How Social Media Will Change For Creatives And Consumers In The Next Year

Helllooo Lovelies!!!

This Saturday post is a lil out of the blue, but I feel like the topic of social media and social media marketing is so important and relevant for all of us, so here I am going to get a little deep talking about… hidden likes. I have been waiting for this update to reach the US and now that it will officially happen, here are my thoughts!

Likes Are Going Away, And It’s Not Going To Be A Seamless Transition

Ok this a given, but let’s backtrack. Speaking in terms of just Instagram, the app has been incredibly popular for years, and little updates and changes have greatly affected “the market.” The latest official change is the invisibility of “likes.” Now users cannot publicly see the number of users who like a post. At a very basic level, I personally love this concept because so many users struggle with low self esteem and maybe eliminating the feature can amend related social issues. On the other hand, content creators use and will continue to use metrics such as likes to measure the success of their posts, and maybe this new feature will hurt that market.

But here’s the thing: as much as I want to see young people quit checking their phones every 10 minutes to see how popular they are, and as much as I want to see creators grow from pure original content, this is still unrealistic, and history shows it.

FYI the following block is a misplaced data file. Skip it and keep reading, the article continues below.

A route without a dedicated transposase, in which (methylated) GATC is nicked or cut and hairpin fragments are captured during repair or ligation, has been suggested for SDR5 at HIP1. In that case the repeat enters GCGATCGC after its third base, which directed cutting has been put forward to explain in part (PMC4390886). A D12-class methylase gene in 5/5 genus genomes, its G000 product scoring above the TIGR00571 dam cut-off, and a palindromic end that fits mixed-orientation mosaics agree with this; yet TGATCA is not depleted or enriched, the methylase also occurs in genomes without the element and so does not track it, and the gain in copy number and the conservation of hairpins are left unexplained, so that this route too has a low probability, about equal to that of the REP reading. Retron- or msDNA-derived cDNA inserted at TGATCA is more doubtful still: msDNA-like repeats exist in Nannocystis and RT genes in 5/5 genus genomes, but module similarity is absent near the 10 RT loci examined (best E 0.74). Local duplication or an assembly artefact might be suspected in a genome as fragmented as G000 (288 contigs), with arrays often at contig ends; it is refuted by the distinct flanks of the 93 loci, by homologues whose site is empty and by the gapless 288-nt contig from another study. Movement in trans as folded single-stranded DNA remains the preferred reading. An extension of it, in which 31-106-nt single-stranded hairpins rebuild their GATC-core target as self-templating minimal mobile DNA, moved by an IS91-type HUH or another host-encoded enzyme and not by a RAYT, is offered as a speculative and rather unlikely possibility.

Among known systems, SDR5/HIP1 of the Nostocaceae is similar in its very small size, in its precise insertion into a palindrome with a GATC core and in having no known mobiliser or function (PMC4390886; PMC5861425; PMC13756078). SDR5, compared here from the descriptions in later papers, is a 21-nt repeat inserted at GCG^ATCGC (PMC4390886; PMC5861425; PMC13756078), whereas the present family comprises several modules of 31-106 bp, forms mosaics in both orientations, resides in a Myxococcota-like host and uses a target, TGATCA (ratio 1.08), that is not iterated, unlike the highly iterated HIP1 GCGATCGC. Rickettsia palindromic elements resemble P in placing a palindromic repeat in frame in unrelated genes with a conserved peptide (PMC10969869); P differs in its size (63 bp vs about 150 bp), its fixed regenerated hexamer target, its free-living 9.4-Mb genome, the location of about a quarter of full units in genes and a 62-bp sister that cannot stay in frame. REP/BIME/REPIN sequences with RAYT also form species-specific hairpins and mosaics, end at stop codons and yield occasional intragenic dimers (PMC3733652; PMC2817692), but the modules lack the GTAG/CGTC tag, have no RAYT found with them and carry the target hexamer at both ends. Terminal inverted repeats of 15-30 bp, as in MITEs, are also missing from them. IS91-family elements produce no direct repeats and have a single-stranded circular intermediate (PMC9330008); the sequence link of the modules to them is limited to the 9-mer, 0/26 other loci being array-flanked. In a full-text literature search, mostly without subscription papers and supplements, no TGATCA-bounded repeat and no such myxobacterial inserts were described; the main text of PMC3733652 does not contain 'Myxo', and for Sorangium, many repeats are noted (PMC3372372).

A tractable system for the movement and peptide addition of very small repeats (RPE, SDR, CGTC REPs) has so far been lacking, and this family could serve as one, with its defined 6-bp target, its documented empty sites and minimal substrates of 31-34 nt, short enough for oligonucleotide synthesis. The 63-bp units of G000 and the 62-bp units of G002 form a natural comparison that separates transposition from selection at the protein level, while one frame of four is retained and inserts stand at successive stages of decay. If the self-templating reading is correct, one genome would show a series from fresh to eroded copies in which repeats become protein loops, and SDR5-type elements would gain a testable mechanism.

There Will Be Change, But Will It Be Good?

I worry that social media users will just adapt to this change like they adapted to so many other things. Remember when you could only post square or when Vine only let you post 6 seconds? People adapted well to those specifications and it completely changed the kinds of content you may see.

Some negative ways people may adapt to hidden likes: teens posting screenshots of the likes they can see as a way of flexing or proving something. Brands changing who they work with based on how creators perform in the new era, or creators finding unusual ways to gain exposure and more views to begin with.

But will something good happen?

Could this change the popularity of certain platforms? What about trends in content? Or will our culture find a way to remain essentially the same?



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